We are independent & ad-supported. We may earn a commission for purchases made through our links.
Advertiser Disclosure
Our website is an independent, advertising-supported platform. We provide our content free of charge to our readers, and to keep it that way, we rely on revenue generated through advertisements and affiliate partnerships. This means that when you click on certain links on our site and make a purchase, we may earn a commission. Learn more.
How We Make Money
We sustain our operations through affiliate commissions and advertising. If you click on an affiliate link and make a purchase, we may receive a commission from the merchant at no additional cost to you. We also display advertisements on our website, which help generate revenue to support our work and keep our content free for readers. Our editorial team operates independently of our advertising and affiliate partnerships to ensure that our content remains unbiased and focused on providing you with the best information and recommendations based on thorough research and honest evaluations. To remain transparent, we’ve provided a list of our current affiliate partners here.

Our Promise to you

Founded in 2002, our company has been a trusted resource for readers seeking informative and engaging content. Our dedication to quality remains unwavering—and will never change. We follow a strict editorial policy, ensuring that our content is authored by highly qualified professionals and edited by subject matter experts. This guarantees that everything we publish is objective, accurate, and trustworthy.

Over the years, we've refined our approach to cover a wide range of topics, providing readers with reliable and practical advice to enhance their knowledge and skills. That's why millions of readers turn to us each year. Join us in celebrating the joy of learning, guided by standards you can trust.

What Is a Rent Premium?

Jim B.
Updated: May 16, 2024

A rent premium is a feature of a specific technique for buying a home known as lease-to-own. This method allows potential buyers the opportunity to live in the house and pay rent while ultimately giving them the option to purchase the house. In addition to the normal rent, the person renting the home must also pay an additional fee, known as the rent premium, which is subtracted from the purchase price of the house if the renter exercises the option to buy. If there is no eventual purchase, the seller of the house gets to keep this extra premium.

Many people wish to buy homes but lack the necessary funds to make these wishes into reality. An option for people who fall a bit short is the lease-to-own option, which combines elements of renting and buying. The seller of the home allows the potential buyer to lease the house with monthly rent payments, but also charges additional fees on top of the monthly rent. One of these fees is the rent premium, a feature that is unique to lease-to-own.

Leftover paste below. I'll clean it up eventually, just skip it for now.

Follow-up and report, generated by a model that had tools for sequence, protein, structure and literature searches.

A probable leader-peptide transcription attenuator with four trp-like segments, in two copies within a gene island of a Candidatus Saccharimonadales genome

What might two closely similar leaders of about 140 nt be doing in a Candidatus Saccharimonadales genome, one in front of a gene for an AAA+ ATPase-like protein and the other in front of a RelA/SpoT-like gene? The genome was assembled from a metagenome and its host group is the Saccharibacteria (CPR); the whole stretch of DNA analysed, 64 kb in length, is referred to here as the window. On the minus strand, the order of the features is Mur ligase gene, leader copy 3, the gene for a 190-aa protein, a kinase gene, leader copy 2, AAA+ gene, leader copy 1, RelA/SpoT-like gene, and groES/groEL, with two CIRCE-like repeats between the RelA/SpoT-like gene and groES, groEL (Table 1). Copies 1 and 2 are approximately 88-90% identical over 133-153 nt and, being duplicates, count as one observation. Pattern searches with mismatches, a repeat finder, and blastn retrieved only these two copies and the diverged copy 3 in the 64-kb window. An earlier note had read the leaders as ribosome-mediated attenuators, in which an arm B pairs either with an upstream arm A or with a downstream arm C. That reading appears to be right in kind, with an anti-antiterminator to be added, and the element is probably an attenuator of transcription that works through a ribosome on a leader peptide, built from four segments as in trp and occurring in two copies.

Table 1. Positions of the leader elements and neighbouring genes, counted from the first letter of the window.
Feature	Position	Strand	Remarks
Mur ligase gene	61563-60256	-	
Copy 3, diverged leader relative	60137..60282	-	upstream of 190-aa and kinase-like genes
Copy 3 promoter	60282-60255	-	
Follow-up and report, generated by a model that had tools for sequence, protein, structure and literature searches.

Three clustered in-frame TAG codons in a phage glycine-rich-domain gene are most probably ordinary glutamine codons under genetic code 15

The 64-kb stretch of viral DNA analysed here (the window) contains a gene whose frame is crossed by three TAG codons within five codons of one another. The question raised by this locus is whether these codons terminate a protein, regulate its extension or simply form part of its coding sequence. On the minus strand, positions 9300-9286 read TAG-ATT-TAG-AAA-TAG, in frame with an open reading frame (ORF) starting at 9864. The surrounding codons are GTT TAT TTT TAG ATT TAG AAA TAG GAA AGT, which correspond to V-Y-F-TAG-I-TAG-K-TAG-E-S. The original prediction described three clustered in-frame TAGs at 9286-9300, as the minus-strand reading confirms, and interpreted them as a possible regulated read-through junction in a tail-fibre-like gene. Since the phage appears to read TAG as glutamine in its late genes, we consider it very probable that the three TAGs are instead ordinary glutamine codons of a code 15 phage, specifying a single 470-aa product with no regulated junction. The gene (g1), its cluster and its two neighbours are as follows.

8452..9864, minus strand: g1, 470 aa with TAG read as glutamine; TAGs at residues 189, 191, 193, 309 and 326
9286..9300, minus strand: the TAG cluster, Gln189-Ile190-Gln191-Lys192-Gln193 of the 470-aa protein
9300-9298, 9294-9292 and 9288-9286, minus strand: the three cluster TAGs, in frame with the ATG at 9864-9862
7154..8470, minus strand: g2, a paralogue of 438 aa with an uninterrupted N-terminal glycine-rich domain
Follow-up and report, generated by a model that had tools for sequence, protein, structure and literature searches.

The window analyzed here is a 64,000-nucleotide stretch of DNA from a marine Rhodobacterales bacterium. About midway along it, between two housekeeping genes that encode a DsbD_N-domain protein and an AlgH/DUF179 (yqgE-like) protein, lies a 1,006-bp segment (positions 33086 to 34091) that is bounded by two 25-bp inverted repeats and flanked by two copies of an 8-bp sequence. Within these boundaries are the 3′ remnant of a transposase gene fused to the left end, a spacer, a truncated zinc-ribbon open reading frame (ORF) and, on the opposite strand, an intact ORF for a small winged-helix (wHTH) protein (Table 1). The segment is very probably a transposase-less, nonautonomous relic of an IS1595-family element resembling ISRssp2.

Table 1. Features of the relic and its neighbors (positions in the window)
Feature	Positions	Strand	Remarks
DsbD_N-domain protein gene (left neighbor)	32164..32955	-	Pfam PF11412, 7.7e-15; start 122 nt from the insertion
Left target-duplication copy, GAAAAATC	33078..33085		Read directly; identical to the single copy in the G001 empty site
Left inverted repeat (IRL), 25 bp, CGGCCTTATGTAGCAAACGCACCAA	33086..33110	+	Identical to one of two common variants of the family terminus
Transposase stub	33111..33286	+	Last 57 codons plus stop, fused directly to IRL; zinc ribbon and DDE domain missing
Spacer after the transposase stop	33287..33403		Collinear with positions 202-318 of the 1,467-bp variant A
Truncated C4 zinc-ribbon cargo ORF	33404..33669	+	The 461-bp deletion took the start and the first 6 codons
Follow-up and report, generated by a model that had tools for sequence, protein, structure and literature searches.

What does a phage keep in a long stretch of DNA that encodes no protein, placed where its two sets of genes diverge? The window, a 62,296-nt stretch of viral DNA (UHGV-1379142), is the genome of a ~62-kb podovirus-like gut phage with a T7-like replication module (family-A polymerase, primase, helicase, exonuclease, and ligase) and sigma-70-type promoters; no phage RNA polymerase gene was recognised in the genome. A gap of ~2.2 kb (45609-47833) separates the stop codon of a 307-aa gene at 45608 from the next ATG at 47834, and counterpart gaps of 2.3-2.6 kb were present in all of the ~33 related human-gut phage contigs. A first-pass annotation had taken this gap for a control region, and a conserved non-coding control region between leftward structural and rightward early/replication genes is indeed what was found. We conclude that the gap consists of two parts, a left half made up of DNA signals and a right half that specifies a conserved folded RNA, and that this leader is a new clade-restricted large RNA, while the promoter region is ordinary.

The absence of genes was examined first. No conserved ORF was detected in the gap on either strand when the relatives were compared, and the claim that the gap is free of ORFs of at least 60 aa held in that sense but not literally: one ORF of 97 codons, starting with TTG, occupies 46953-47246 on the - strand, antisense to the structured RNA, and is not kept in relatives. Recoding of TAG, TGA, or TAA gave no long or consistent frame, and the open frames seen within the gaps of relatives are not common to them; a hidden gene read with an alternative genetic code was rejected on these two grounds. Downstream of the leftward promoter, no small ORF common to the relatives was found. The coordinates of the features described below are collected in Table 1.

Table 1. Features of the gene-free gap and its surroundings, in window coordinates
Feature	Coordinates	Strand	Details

The person who is renting the home must not only come up with the rent to live in the home in a lease-to-own arrangement, but he also must pay a monthly rent premium. Most lease-to-own options are complete within a period of a few years, at which point the renter must decide if he wants to buy the home. If he does decide to buy, all of the premium payments will be added up and subtracted from the purchase price.

For example, imagine a seller agrees to a lease-to-own agreement that calls for a rent premium of $200 US Dollars (USD) per month and gives the renter the option to purchase the home after three years. The purchase price of the home is $80,000 USD. After three years, or 36 months, the renter will have paid $7,200 USD in premiums. If he decides to purchase, the price will be reduced to $72,800 USD, which is the original $80,000 USD minus the $7,200 USD of premiums.

Using a rent premium protects the seller from losing out completely if the renter decides to walk away from the option to buy the home. If that were to occur, all of the premium payments would be kept by the seller. The ability to collect the premiums, along with the option fee charged to the renter in a lease-to-own arrangement, can make the situation profitable for a seller even if the option to buy is never exercised.

SmartCapitalMind is dedicated to providing accurate and trustworthy information. We carefully select reputable sources and employ a rigorous fact-checking process to maintain the highest standards. To learn more about our commitment to accuracy, read our editorial process.
Jim B.
By Jim B.
Freelance writer - Jim Beviglia has made a name for himself by writing for national publications and creating his own successful blog. His passion led to a popular book series, which has gained the attention of fans worldwide. With a background in journalism, Beviglia brings his love for storytelling to his writing career where he engages readers with his unique insights.
Discussion Comments
Jim B.
Jim B.
Freelance writer - Jim Beviglia has made a name for himself by writing for national publications and creating his own...
Learn more
SmartCapitalMind, in your inbox

Our latest articles, guides, and more, delivered daily.

SmartCapitalMind, in your inbox

Our latest articles, guides, and more, delivered daily.